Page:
Nina had previously been Vice President for Field Conservation Programs at Defenders of Wildlife, where she managed Defenders’ largest division, with 30 staffer members at nine regional offices dedicated to endangered species and habitat conservation. She has also held positions with the Wildlife Habitat Council and the Zoological Society of Philadelphia.

Nina serves on the steer…

AGCT Event Aug. 7-9 Near Guler Ice Cave

Besides the nearly 1000 caves available near our fantastic event, Trout Lake offers a public show cave called Guler Ice Cave. Deep in the Gifford Pinchot National Forest a few miles west of Trout Lake on Hwy 141, this cave captures the winter snows and ice all summer long. Guler Ice Cave is close to the parking area. It has a wooden stairway and extremely slick ice at the bottom. It was a summer-long source of ice for the early inhabitants of the area, and still provide a great respite from the heat of summer. In fact, even on the hottest days you may want a jacket or long sleeved shirt when you descend into their icy bowels.

Visit our Facebook events page to stay up-to-date on event info here.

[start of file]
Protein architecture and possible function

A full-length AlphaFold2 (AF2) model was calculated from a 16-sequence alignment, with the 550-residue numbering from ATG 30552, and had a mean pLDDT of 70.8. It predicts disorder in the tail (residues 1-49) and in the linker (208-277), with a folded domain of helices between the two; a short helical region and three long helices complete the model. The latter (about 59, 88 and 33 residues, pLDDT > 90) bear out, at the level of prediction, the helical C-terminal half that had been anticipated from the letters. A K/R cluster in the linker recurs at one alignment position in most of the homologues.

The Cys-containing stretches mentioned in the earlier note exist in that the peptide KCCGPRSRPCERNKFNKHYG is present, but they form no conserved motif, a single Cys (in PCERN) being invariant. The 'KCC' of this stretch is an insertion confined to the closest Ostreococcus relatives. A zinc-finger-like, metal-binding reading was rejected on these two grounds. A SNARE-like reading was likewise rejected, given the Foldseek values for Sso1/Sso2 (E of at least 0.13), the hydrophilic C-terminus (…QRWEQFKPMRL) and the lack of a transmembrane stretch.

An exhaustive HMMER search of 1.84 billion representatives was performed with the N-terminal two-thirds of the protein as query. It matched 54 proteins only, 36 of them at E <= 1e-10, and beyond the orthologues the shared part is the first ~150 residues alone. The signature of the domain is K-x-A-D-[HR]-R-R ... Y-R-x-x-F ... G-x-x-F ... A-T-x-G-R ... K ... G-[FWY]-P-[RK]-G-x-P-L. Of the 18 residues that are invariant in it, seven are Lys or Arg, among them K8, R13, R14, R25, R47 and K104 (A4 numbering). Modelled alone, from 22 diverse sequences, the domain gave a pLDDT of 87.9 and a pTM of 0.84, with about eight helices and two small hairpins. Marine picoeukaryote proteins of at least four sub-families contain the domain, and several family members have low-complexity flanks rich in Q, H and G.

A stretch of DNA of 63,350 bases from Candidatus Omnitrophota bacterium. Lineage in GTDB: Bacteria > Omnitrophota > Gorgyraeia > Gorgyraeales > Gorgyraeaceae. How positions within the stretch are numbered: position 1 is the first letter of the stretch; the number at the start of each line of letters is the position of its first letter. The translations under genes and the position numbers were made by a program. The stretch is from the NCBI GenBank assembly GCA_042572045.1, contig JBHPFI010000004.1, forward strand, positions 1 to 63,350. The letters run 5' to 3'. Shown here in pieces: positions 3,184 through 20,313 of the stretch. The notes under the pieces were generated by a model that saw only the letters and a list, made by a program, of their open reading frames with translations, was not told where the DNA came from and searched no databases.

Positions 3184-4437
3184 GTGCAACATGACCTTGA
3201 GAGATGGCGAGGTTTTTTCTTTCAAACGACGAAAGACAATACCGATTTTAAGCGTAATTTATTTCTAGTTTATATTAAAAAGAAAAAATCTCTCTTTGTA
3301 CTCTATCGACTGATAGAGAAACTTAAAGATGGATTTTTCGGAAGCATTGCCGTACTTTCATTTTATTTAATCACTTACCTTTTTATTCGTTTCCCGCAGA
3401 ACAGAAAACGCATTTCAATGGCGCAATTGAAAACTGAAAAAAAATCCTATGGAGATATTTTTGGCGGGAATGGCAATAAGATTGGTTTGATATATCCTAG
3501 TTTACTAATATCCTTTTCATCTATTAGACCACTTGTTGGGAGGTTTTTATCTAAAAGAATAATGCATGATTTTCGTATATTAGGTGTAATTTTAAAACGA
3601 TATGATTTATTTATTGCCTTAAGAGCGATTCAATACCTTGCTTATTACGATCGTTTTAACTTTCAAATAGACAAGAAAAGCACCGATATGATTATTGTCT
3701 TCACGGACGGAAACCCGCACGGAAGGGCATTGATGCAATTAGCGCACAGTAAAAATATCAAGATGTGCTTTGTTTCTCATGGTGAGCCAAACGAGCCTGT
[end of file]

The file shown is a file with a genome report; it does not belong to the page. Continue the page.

Forest Service Website
Image Credit

Cave Photography and Considering Humidity

Tabitha Rossman, EWLS Photography Blogger, is moving from New Mexico to Washington. Here is what she has found as she considers caving in this more humid environment: “I found an interesting and helpful article for some who live in areas where there is a lot of humidity in caves. I have been in a more dry heat and dusty cave element [in New Mexico]. I was doing a little bit of research and thought that this site could come in handy when it comes to getting photos in a wet, humid environment. Please share how you deal with humid environments while doing cave photography at”  Photo by Tabitha Rossman

Top 10 Healthy Caver Treats

Find more great ideas on our Pinterest page ...

AGCT Event Aug. 7-9 Offers Fantastic Views

Trout Lake has some really amazing views of Mount Adams, waterfalls, and wildlife. Check out some amazing hiking trails here.

Visit our Facebook events page to stay up-to-date on event info here.

The Basics of Cave Photography

By EWLS Photography Blogger Tabitha Rossman

Cave photography is all about trial and error. Some of the basic gear you will need is a tripod, shutter release, spare batteries, and a flashlight (3 sources of lighting). However if you have three external flashes that are also slave units, they will set the rest of them off at the same time. Cave photography is a lot like night star photography. There are a lot of long exposures that will take a long time and drain your batteries, so always have a backup if in case you need to stay longer to keep working on it.

This week, I wanted to try a few things out in a commercial cave but I forgot to bring my shutter release. I did manage to get a few good photos out of it. It was tricky during spring break (lots of people). Next time, I want to get a day permit so I can take photos when no one is there. Some commercial caves like Carlsbad Caverns now allow flash photography. Always make sure with others because a few do not allow flash photograph…